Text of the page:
Like it's larger rival JPMorgan (NYSE:JPM), Wells Fargo (NYSE:WFC) delivered a solid, better-than-expected second quarter on Friday morning. Clearly there is still pressure on the business, as loan growth is faint and yields are low, but lower credit costs are helping underpin earnings. Wells Fargo and JPMorgan seem virtually equally undervalued, and both offer investors a quality play on the banking sector. With JPMorgan's greater exposure to trading and investment banking, as well as further regulatory changes, Wells Fargo is arguably the better play for investors looking to benefit from an eventual improvement in loan growth and yields.

SEE: July 12: Earnings To Test The Market Rally

Q2 Comes In With A Solid Top Line And Good Credit
Wells Fargo delivered a fairly straightforward good quarter, as both revenue and credit costs were stronger than expected and the company once again beat the estimate for the period.

Operating revenue rose 1%, as net interest income rose 3% (sequentially) and offset a 1% decline in fee income that was smaller than expected. Looking at the components, Wells Fargo saw a 3% increase in average earning assets, but a 45-point year-on-year decline in net interest margin (NIM was close to flat sequentially, and slightly better than expected). Within the fees, mortgage banking was basically flat, while trust and credit card fees grew more than expected. 
With expenses down slightly on a sequential basis, operating income rose 3% sequentially. It is worth noting, though, that the non-interest expense line was something of a disappointment. I would have expected expenses to decline more given that a lot of the compensation in mortgage banking is commission based, but this isn't the first time a major bank has found it hard to reach Wall Street's expense targets.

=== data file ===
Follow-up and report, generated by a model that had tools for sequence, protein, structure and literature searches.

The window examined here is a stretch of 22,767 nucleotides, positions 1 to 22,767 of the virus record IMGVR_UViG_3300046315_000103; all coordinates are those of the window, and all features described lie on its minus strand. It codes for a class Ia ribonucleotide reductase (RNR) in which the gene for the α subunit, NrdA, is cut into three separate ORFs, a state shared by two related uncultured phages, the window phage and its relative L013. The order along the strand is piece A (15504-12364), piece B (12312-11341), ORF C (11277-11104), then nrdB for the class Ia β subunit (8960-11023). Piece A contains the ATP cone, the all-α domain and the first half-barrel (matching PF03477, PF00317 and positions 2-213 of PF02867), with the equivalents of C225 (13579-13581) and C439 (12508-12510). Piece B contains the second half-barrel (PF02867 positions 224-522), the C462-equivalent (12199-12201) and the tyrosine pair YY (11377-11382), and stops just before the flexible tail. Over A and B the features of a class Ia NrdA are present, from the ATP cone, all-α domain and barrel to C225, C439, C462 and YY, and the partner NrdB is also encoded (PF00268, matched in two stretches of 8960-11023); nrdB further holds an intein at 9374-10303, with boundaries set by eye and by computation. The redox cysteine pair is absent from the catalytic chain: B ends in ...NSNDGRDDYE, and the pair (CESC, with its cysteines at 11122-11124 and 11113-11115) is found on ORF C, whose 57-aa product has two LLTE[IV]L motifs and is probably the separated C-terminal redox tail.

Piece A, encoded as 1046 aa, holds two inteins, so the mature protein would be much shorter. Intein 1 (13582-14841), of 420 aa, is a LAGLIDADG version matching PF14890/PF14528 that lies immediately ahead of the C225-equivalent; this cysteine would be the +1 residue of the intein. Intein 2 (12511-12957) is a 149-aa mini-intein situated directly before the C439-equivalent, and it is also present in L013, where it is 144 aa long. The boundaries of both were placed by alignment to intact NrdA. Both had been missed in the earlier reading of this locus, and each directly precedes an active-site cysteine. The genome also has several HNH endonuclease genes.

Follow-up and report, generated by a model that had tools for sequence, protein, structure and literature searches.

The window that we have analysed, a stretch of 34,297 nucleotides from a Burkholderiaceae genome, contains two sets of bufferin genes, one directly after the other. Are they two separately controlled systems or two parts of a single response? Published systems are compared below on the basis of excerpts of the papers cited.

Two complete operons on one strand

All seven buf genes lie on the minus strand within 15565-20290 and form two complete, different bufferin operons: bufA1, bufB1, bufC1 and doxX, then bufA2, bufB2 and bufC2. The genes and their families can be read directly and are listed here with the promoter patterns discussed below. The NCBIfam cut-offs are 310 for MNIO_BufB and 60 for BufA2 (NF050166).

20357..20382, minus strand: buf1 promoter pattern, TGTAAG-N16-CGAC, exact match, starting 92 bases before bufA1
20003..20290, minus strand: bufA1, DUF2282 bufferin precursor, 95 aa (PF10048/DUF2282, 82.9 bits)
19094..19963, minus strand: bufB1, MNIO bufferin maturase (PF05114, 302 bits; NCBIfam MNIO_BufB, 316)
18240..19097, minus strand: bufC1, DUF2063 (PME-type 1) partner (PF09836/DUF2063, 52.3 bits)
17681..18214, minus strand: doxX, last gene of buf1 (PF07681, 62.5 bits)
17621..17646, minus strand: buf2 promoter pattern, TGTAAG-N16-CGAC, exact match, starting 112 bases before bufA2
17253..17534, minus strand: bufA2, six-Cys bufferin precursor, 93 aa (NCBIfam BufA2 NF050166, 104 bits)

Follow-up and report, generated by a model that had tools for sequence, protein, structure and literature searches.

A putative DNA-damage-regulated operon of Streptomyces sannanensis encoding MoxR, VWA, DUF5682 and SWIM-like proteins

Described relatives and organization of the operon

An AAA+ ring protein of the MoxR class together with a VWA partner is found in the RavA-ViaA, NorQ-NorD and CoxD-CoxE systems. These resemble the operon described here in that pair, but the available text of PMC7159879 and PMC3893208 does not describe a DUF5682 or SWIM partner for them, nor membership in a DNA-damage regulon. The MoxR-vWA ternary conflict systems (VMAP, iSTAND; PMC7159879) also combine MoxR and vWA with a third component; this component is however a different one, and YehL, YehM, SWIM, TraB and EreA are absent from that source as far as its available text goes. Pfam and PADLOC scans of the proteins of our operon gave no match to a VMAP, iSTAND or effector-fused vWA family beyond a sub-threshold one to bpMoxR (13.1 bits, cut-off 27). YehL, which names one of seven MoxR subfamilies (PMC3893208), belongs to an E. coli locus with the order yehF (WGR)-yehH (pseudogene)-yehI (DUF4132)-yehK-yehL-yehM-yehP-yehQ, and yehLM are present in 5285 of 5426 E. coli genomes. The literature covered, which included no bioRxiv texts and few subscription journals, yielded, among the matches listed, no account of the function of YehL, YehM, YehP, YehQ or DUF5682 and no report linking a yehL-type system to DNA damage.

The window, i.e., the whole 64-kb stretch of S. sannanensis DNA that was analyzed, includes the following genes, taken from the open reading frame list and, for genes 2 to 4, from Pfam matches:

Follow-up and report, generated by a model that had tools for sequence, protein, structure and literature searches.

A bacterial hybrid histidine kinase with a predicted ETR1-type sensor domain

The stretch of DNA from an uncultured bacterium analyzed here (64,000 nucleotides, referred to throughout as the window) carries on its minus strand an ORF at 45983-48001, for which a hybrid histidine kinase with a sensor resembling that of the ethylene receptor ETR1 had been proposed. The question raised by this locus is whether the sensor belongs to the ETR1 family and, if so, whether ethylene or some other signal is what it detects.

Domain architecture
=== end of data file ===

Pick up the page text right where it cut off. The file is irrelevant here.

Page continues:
On the credit side, the non-performing asset and non-performing loan ratios continue to decline, each down a little more than 20bp sequentially. Net-charge-offs were also lower than expected (with the ratio declining about 13bp sequentially), and the loan loss provision was nearly cut in half. With both Wells Fargo and JPMorgan reporting strong credit trends in housing and cards, I think there's reason for optimism about credit performance at other banks like PNC Financial (NYSE: PNC) and U.S. Bancorp (NYSE:USB) at this point.

SEE: 5 Earnings Season Investing Tips

Core Business Still Sluggish
It's well worth noting, though, that Wells Fargo's loan growth is still sub-optimal. Wells Fargo did better than JPMorgan this quarter (and not as well as two smaller banks that have reported, Commerce Bancshares (Nasdaq:CBSH) and Bank of the Ozarks (Nasdaq:OZRK), and commercial lending was up nearly 2% on a sequential basis, but it's still very much a low-growth environment.

The mortgage business, which is a significant one for Wells Fargo, is also pretty mixed at this point. Given the company's market share, it isn't surprising that JPMorgan appears to be outgrowing them and it's well worth remembering that the bank did do better than expected. Even so, this doesn't look like an accelerating growth driver at this point.

The Bottom Line
Although they're very different businesses, JPMorgan and Wells Fargo look strangely similar from a valuation standpoint. I use a higher expected long-term ROE in my Wells Fargo model (14% now), but the resulting fair value of about $47.50 suggests similar appreciation potential as for JPMorgan (about 10%). Likewise, while I believe Wells Fargo's much higher return on tangible assets merits a much higher multiple to tangible book value (2.3x versus 1.6x), the resulting fair value of about $50.50 is, like JPMorgan's TBV-based target, about 18% higher than today's price. Incidentally, they're both also yielding 2.8% at present.

All things considered, I think Wells Fargo is still a stock worth considering today for long-term investors.

Disclosure: As of this writing, the author owns shares of JPMorgan.
 

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